BOHNER, BRUCH, JENNER; REINECKE: GERMAN MUSIC WITH CLARINET (Dario Zingales)
Period: 19th Century
Catalogue No.: C00092
Johann Ludwig Böhner (1787-1860), talented composer, virtuoso pianist and organist, had as a child the musical influence of his father, also organist. He was born in Töttelstadt (Germany), and studied composition with Michael Gotthard Fisher before to meet Ludwig Spohr in Gotha, the town where he taught piano from 1805. In 1797, at the age of ten, he composed An die Freude. Between 1811 and 1814, he worked in Nuremberg, where he wrote his most important compositions such as five piano concerts, a Fantasia op.1 for bassoon and orchestra, and the Fantasia op. 21 for clarinet and orchestra, here in the version for clarinet and piano. The brilliant German musician also composed, apart from the above mentioned works, a Symphony in D min. op. 130, a Fantasia for clarinet and piano op. 68, some Lieder, piano and organ works, chamber music for different instrumental combinations and many Operas, we cite for example Der Dreiherrenstein. During his life he worked also in southern Germany and Switzerland too, but he spent his lifetime’s last year until his death in the town of Gotha.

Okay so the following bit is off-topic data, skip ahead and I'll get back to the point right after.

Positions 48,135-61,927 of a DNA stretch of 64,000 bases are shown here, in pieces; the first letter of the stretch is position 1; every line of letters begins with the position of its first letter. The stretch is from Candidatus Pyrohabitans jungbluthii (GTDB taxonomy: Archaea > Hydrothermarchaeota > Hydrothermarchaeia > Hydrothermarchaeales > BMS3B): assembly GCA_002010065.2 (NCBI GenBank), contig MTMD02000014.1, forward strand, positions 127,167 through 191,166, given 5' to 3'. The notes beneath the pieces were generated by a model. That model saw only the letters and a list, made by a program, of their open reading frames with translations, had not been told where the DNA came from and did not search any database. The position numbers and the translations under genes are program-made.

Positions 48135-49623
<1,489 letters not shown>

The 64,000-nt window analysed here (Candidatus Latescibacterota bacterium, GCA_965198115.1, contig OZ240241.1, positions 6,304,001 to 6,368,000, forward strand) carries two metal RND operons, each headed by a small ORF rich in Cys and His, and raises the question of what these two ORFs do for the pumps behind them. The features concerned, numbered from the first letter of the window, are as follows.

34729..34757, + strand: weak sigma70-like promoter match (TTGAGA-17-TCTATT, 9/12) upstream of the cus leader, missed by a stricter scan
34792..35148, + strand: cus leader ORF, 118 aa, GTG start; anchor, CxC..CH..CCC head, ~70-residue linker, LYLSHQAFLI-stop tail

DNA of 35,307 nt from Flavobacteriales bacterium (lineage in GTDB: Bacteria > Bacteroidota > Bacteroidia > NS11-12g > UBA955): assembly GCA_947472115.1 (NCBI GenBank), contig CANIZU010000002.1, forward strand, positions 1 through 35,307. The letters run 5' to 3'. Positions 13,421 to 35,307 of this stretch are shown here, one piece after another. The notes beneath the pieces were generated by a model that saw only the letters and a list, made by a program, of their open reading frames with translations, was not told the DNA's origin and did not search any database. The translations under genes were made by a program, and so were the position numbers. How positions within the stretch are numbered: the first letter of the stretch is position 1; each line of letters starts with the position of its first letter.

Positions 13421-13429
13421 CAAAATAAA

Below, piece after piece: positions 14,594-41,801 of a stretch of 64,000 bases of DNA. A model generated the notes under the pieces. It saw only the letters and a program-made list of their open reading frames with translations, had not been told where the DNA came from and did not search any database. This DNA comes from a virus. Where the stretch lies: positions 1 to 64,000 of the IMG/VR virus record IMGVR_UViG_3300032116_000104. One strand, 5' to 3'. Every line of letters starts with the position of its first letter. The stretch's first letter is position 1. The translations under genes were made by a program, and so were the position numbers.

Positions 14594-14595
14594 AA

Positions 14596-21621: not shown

Gustav Jenner (1865-1920) approached the music because his parents, amateur musicians, who often played at home. As a child, he received the first piano lessons and he undertook the composition as a self-taught person.[…]